San Jose increased its lead to two goals, as Joel Ward capitalized early in the second period.

Canucks trade Jared McCann to the Panthers for Erik Gudbranson

ANAHEIM, CA - NOVEMBER 30: Jared McCann #91 of the Vancouver Canucks looks on during a game against the Anaheim Ducks at Honda Center on November 30, 2015 in Anaheim, California. (Photo by Sean M. Haffey/Getty Images)
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The Vancouver Canucks and Florida Panthers have made a trade — and it’s a big one.

As per Elliotte Friedman of Sportsnet, the two main components are forward Jared McCann, who just completed his rookie season with the Canucks, and 24-year-old defenseman Erik Gudbranson, who has played five seasons with the Florida Panthers.

Here are the details:

McCann is the second draft selection of the Jim Benning-Trevor Linden era, taken 24th overall in 2014. As a 19-year-old rookie armed with a big-league wrist shot, he scored nine goals and 18 points while averaging 12:31 of ice time per game in 69 games.

The Canucks had the option of sending McCann back to junior last season and not burning a year of his entry-level deal, but they chose to keep him in Vancouver for the entire year.

One particular aspect of his development, particularly this off-season, was a need to get physically stronger, which was something that could be exposed at times in the defensive end against bigger forwards.

Gudbranson, selected third overall in 2010 and signed to a one-year, $3.5 million extension earlier this month, certainly gives the Canucks size on the back end at six-foot-five-inches tall, a physical presence and a right shot on the blue line, but he has managed only 13 points as a single-season career best and that was in 2014-15.

The Canucks also gave up two picks in this year’s draft.

 

Vasilevskiy ‘is the big reason we’re in Game 7,’ says Bolts coach Cooper

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It has been an Eastern Conference Final full of twists and turns in the plot.

Exhibit A: The goaltending situation for both the Tampa Bay Lightning and Pittsburgh Penguins. 

That began right away, in the first period of Game 1 when Ben Bishop was stretchered off the ice with a lower-body injury. Since then, Andrei Vasilevskiy has been The Guy for the Lightning, which will face the Penguins in a Game 7, winner-take-all contest, in Pittsburgh on Thursday.

Of the many storylines heading into this contest, one that stands out is it’s expected to be a goaltending duel between the 21-year-old Vasilevskiy and the Matt Murray, who celebrated his 22nd birthday on Wednesday.

(Remember when Penguins coach Mike Sullivan went with Marc-Andre Fleury to start over Murray in Game 5, only to switch back to Murray for a must-win Game 6? Another plot twist.)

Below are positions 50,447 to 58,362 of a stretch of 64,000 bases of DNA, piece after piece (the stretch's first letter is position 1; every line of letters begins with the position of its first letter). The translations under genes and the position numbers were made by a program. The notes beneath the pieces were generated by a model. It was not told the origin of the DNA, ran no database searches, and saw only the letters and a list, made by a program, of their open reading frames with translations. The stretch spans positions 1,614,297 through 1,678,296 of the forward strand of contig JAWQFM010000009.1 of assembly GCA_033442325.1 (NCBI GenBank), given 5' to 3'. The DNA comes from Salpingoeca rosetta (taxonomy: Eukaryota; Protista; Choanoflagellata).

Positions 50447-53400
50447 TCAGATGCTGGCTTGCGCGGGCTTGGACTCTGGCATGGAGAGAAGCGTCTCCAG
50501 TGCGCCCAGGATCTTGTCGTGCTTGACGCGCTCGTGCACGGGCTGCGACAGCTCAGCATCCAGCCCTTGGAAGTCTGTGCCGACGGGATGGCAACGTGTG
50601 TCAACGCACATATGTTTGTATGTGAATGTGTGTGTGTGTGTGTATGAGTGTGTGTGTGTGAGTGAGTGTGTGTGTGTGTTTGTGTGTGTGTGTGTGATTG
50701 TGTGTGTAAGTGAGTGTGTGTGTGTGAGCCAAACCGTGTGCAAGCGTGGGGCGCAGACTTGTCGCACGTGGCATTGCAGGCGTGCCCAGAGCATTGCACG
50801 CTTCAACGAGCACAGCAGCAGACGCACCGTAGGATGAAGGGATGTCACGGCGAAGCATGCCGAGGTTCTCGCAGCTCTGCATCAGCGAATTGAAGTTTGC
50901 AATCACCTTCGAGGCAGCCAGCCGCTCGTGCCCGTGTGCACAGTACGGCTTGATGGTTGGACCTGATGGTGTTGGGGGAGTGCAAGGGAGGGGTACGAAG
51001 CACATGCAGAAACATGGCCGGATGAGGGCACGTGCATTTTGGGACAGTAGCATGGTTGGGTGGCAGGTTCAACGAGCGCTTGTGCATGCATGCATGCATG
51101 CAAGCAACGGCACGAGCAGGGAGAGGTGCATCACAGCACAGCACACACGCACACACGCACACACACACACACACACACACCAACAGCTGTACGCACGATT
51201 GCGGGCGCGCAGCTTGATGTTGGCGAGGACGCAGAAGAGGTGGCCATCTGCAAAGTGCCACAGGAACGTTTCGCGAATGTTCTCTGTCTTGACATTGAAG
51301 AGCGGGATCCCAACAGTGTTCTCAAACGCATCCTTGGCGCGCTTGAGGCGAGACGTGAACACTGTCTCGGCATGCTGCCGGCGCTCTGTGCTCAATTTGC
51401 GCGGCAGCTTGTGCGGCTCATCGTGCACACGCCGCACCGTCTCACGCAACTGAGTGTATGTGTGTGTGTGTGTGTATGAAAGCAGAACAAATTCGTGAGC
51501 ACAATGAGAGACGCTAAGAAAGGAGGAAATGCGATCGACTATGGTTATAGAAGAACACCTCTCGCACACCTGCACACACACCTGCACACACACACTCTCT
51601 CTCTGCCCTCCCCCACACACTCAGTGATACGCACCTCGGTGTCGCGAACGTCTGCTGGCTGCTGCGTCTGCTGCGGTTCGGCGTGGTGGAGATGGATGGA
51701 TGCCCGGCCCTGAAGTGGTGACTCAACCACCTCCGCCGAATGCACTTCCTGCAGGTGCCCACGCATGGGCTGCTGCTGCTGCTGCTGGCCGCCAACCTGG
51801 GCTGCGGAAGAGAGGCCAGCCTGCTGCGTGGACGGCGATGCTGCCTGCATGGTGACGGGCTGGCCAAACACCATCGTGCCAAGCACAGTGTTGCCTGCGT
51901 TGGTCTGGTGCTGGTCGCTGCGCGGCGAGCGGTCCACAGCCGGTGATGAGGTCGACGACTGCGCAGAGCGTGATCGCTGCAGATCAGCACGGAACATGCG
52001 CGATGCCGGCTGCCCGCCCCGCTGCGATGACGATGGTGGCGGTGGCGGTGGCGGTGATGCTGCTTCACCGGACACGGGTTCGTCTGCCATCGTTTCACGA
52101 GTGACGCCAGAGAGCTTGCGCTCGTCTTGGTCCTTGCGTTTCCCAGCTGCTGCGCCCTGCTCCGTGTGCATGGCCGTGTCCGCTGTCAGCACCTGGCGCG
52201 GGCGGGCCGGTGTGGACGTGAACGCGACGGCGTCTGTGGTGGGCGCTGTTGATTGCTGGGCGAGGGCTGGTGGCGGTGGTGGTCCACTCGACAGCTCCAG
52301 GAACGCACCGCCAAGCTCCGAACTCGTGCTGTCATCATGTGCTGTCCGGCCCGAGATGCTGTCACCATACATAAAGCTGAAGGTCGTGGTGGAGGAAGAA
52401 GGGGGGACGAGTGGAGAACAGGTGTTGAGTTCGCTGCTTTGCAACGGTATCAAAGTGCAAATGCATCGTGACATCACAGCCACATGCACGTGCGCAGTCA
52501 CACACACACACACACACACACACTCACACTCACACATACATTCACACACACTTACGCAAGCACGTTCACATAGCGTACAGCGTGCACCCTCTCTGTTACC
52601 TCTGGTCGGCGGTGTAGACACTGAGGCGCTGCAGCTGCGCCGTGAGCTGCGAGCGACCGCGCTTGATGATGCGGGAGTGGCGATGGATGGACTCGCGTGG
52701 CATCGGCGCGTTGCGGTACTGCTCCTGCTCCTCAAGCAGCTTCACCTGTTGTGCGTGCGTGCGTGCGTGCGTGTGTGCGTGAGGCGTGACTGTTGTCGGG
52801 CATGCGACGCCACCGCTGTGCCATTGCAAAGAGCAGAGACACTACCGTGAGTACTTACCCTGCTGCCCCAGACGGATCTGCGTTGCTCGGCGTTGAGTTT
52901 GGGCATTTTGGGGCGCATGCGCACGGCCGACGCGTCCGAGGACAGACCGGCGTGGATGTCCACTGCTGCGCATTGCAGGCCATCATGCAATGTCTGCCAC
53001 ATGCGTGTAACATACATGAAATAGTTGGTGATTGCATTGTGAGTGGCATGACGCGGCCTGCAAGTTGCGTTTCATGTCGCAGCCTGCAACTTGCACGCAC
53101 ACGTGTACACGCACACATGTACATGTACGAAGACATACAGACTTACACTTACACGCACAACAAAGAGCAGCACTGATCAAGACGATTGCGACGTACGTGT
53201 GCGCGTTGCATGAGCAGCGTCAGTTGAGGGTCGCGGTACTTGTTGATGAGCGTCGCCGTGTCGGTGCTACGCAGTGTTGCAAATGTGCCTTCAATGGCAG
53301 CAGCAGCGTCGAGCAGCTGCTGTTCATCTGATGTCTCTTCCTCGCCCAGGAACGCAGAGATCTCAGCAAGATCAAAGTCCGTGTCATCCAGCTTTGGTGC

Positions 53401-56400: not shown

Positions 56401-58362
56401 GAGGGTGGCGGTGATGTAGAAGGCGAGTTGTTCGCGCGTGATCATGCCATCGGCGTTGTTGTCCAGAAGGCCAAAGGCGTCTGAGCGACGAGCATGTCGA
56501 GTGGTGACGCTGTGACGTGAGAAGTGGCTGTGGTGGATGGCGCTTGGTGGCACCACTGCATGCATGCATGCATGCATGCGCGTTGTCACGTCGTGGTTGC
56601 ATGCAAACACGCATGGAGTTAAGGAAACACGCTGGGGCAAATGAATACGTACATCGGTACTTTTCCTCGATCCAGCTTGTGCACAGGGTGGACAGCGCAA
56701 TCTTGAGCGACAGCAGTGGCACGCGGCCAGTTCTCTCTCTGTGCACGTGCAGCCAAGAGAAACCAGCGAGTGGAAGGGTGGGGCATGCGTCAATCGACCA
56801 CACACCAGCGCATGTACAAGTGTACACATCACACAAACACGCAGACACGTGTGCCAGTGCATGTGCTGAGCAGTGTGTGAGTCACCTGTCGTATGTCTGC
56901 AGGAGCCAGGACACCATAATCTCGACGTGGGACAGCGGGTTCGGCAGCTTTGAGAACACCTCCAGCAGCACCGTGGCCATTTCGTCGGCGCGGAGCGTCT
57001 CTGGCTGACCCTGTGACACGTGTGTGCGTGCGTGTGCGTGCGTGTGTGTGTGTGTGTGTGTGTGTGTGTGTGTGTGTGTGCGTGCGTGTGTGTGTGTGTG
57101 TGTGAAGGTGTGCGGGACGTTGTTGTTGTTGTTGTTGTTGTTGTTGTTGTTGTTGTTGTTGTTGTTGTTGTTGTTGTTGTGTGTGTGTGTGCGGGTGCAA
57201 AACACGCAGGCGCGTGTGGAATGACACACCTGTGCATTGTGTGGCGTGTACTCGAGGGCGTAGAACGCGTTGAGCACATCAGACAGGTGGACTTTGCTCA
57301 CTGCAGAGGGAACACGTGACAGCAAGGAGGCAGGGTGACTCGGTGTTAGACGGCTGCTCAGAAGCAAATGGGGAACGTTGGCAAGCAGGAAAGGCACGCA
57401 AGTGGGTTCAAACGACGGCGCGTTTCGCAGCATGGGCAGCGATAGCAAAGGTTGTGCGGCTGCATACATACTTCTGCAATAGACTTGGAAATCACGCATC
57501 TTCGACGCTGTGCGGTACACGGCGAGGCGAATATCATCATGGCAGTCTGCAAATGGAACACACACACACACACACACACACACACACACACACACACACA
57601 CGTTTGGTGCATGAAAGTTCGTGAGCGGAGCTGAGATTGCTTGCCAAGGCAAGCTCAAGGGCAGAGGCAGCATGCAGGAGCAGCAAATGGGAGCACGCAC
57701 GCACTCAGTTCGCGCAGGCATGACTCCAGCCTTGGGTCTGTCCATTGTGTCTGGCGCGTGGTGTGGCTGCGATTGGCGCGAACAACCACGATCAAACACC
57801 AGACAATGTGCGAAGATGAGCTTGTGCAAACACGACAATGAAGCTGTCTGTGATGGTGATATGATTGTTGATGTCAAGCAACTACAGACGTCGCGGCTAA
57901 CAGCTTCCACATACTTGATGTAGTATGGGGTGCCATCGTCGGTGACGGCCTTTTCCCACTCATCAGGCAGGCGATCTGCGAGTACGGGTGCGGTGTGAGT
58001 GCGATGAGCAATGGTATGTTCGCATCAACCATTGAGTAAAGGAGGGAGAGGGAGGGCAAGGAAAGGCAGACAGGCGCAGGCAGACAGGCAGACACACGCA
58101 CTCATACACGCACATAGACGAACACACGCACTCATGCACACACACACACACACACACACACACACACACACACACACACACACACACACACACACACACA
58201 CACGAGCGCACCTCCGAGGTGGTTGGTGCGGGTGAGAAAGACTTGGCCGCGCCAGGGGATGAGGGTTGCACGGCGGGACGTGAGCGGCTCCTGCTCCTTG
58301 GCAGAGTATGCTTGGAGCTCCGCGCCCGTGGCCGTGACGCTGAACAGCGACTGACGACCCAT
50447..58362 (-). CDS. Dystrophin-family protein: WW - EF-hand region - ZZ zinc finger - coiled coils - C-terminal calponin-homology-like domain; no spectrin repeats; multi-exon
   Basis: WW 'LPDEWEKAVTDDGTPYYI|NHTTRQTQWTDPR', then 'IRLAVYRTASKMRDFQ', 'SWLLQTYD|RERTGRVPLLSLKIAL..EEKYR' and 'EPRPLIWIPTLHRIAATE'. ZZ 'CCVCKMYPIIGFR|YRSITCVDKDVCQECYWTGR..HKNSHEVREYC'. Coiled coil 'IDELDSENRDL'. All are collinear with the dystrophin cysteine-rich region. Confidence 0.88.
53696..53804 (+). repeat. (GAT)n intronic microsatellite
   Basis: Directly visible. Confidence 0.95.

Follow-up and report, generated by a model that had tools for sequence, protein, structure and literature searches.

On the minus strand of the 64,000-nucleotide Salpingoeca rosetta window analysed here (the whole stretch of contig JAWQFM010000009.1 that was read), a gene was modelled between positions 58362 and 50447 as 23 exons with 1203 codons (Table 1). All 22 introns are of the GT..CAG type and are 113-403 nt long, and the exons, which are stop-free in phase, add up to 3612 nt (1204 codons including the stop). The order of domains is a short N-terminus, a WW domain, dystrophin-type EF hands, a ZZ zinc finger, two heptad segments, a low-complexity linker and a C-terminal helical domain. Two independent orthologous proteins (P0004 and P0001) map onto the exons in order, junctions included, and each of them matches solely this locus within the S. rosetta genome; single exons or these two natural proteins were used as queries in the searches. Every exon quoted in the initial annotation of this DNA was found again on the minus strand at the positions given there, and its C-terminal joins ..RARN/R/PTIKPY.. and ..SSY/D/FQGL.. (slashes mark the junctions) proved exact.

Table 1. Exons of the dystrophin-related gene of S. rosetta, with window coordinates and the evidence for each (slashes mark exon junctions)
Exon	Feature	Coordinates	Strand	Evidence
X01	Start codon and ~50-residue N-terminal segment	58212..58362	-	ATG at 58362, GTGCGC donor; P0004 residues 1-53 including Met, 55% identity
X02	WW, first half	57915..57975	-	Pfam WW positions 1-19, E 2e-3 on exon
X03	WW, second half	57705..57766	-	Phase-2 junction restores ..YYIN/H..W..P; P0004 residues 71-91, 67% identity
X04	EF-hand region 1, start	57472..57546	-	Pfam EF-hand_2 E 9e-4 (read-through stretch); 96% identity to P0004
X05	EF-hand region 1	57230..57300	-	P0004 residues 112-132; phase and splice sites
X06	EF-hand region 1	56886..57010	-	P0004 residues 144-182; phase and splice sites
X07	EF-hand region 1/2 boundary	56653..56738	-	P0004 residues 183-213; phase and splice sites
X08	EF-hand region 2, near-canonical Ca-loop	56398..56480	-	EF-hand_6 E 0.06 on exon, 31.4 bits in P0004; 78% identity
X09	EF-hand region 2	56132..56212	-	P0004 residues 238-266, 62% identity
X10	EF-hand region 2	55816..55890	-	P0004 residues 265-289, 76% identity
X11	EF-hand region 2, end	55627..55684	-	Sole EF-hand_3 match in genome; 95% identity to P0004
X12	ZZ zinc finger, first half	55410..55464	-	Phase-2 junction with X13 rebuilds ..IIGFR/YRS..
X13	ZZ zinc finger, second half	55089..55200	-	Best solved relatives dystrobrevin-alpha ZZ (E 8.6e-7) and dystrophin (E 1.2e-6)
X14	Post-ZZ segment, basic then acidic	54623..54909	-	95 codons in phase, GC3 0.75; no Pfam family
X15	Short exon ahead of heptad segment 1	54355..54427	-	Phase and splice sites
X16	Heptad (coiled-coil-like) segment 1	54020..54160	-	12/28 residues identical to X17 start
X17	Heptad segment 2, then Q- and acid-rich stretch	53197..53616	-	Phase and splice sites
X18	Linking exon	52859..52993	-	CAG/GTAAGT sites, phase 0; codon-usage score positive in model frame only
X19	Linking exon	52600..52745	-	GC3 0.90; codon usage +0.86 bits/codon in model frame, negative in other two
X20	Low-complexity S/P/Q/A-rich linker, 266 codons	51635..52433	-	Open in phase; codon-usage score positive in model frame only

Bolts head coach Jon Cooper had previously left the door open to the possibility that Bishop could return in this series. On Wednesday, however, he told reporters he’ll meet with his staff but does not anticipate Bishop being in for Game 7.

“I think Andrei is the big reason we’re in Game 7,” said Cooper.

“He’s made big save after big save for us. The one thing that I do like that’s happened to him finally in this series is, you know, he finally started a playoff game and won, whereas his other playoff wins were always in relief, and he’s won in Pittsburgh. So you’ve got to like the kid feels pretty comfortable playing there, and we like that.”

WATCH LIVE: Blues at Sharks – Game 6

ST LOUIS, MO - MAY 23:  Alexander Steen #20 of the St. Louis Blues, Brent Burns #88 of the San Jose Sharks, and Joe Thornton #19 argue with a referee during the second period in Game Five of the Western Conference Final during the 2016 NHL Stanley Cup Playoffs at Scottrade Center on May 23, 2016 in St Louis, Missouri.  (Photo by Jamie Squire/Getty Images)
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The San Jose Sharks can make franchise history on home ice tonight against the St. Louis Blues. Win, and the Sharks clinch their first ever trip to the Stanley Cup Final. Lose, and it’s back to St. Louis for a deciding Game 7 in the Western Conference Final.

You can catch tonight’s Game 6 on NBCSN (9 p.m. ET) or online with the NBC Sports’ Live Extra.

CLICK HERE TO WATCH LIVE

Here are some links to check out for tonight’s game:

Tarasenko needs to start ‘playing within the system’: Hitch

On the brink of elimination, Blues turn back to Elliott

The Blues could sure use a goal or two from Tarasenko

Stanley Cup Final to begin Monday